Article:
The Padres have opened their Spring Training activities, and they have questions to answer all around the field. Between the players on the 40-man roster and the non-roster invitees, there are intriguing stories everywhere you look. Let’s ponder who we’ll see throughout the season at each post, starting behind the plate.
Current 40-man roster members: Austin Hedges, Christian Bethancourt, Luis Torrens
Non-roster invitees: Tony Cruz, Rocky Gale, Stephen McGee, Hector Sanchez
When the Padres traded Derek Norris to Washington last December, they unofficially announced the dawning of the Age of Austin Hedges. The “catcher of the future” is now the catcher of the present. His defensive skills will immediately make him an elite defender in the league, and hopes are high that simply by having his receiving, blocking, and game management skills in the game, he will make the pitching and defense better. On the first day of his fifth year in the Padres’ major league camp he was tasked with taking a leadership role, which is asking a lot for such a green player, but all indications suggest that he’s ready for the role. The only lingering questions are whether the bat that put up tremendous numbers in El Paso the last two seasons will come with him to the bigs. Even if he struggles with the bat this season, his defense should keep him behind the dish for a long time.
Christian Bethancourt is a human Swiss Army knife. Once considered among the best catching prospects in the game, the power bat and cannon arm haven’t been rounded out with the other skills as scouts may have wished. As a result, auditions on the mound and in the field have opened some new opportunities for him. The relief pitching project continues into spring training, and his entire time in the Panamanian winter league was spent either as a pitcher, designated hitter, or in left field. He’s a member of the catchers group in spring training, but he’ll see time on the mound and in the field as well. This unique versatility affords roster flexibility that could let the team take some risks.
Enter Luis Torrens. The former Yankees prospect brings a reputation of elite defensive talent combined with the offensive tools to suggest that some day he could be a nice player. Signed at age 16 out of Venezuela, Torrens was converted from shortstop to catcher early in his development, but a torn labrum sidelined him for all of 2015. A solid bounceback season in 2016 was promising, but he will need to grow up quickly if the kid who’s never played above single-A ball will survive the season on the MLB roster. The Padres traded infielder Josh VanMeter for the rights to acquire Torrens, so the team has already invested more than the typical Rule 5 flier. That investment suggests that they have every intent to find a way to hang on to the promising young receiver.
Joining these three in camp are veterans Tony Cruz, Hector Sanchez, Stephen McGee, and Rocky Gale. The first two are tenured MLB veteran backup catchers. Cruz has spent most of his career behind Yadier Molina in St. Louis, while Sanchez was Tim Lincecum’s personal catcher and Buster Posey’s understudy with the Giants. McGee, 26, was signed as a minor league free agent after spending his career to date in the Angels organization, and the 28-year-old Gale has been a stalwart in the Padres system, earning a cup of coffee with the Padres last season. The four will likely vie for starting roles in El Paso and San Antonio.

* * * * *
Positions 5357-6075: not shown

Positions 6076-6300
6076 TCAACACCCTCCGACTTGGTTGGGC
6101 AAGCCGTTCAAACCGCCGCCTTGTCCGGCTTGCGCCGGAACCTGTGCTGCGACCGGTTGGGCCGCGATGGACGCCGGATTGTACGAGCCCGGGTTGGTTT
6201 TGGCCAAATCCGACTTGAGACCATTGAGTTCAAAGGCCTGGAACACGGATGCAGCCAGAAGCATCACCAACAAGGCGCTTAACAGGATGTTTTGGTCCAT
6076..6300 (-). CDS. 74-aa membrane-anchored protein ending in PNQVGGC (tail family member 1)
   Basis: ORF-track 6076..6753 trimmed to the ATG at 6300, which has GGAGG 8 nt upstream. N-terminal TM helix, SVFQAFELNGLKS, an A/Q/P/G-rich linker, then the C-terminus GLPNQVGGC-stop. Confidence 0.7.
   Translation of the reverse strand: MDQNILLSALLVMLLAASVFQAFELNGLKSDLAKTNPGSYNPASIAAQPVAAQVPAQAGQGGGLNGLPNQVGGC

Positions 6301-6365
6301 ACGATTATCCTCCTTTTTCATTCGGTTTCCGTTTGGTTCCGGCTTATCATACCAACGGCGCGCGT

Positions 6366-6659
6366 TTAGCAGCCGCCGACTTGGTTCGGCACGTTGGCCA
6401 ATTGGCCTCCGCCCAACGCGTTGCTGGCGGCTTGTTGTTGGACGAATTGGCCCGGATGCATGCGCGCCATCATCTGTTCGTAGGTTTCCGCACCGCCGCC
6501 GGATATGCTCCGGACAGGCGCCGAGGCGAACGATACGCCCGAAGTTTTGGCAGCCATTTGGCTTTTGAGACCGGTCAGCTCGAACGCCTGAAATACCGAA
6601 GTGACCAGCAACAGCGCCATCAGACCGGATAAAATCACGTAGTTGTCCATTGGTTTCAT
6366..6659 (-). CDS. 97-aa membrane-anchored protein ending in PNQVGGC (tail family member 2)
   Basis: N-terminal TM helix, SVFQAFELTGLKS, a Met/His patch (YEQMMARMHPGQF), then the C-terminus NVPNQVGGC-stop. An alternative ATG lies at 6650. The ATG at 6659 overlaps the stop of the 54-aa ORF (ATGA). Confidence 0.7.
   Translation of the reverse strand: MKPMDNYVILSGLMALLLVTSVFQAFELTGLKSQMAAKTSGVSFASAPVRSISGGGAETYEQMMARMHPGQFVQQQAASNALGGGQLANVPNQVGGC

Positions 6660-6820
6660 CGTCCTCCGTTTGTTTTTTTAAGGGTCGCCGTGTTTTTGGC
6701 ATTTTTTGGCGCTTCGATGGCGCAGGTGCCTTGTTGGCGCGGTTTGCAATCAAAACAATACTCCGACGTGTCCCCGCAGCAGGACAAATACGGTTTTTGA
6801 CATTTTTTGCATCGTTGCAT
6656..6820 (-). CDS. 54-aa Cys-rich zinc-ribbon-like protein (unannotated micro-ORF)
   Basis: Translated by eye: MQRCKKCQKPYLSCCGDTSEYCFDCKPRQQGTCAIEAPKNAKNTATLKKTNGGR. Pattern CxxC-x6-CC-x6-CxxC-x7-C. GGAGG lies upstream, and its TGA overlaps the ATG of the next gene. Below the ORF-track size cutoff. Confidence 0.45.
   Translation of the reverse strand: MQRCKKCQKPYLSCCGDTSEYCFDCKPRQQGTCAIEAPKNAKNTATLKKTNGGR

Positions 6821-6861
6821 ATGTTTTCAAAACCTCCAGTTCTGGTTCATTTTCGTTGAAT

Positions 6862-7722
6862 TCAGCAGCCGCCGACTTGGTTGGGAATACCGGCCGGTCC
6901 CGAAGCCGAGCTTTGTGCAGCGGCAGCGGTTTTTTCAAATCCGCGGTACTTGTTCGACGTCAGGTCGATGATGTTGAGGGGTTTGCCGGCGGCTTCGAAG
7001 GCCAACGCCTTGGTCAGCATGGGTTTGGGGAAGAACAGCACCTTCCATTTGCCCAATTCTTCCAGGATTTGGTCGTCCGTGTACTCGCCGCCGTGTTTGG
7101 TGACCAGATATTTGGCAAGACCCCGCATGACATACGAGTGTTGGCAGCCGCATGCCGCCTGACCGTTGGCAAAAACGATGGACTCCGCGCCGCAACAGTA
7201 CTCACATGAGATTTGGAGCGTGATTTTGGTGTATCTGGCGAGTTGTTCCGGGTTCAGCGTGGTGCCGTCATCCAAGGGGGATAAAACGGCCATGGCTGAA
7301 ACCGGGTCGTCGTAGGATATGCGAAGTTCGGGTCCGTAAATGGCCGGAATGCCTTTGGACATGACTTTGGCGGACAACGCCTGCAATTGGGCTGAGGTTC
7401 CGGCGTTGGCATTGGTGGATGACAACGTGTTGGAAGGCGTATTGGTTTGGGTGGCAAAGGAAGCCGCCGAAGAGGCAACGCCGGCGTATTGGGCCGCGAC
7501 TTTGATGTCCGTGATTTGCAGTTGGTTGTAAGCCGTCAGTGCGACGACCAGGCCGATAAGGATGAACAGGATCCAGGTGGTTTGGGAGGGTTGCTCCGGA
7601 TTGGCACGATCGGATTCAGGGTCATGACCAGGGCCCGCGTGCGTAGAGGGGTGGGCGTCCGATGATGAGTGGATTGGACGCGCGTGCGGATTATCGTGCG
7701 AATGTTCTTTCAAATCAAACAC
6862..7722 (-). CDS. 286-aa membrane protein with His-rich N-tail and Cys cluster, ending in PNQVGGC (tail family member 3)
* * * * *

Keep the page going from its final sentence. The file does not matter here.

Anointing Hedges with the Padres’ starting role is the easy part this spring. Discerning who will back him up isn’t so clear. If Christian Bethancourt held the same role as he did a year ago, it would be simple, but right now he might be the Most Interesting Man in Baseball. Complicating matters is Rule 5 draftee Luis Torrens, a highly-skilled, woefully under-experienced prospect in a demanding role. Hedges started 80 games behind the plate last year, 86 in 2015, and 104 in 2014, so expecting more than 100 or so starts over the season is ambitious. The other 60 starts or so need to be spread out, but how? The logical tactic may be to schedule Bethancourt’s catching and pitching duties such that he catches roughly 40% of the starts, the balance going to Hedges, while Torrens is deployed as a late-game replacement to minimize exposure to leverage situations, at least until he proves capable. A big advantage to this alignment is that the starting catcher can be substituted without fear of having to resort to an emergency catcher in the case of injury to the backup.
An argument has been made that benching a developing player like Torrens may stunt his growth, but working with MLB pitchers and coaches in bullpen exercises and drills should only sharpen the defensive skills. If they can carry him through the season, the barely-20-year-old catcher can go back to the minors to hone the defense while catching up on aggregate at-bats with plenty of time to work his way back to the Show.
2017 will be an odd season for the Padres. Using a utility catcher/pitcher/outfielder and a wunderkind third-stringer is just one way that Preller & Green can keep the Padres weird. Stay tuned as we go around the horn to check out the rest of the positions this week!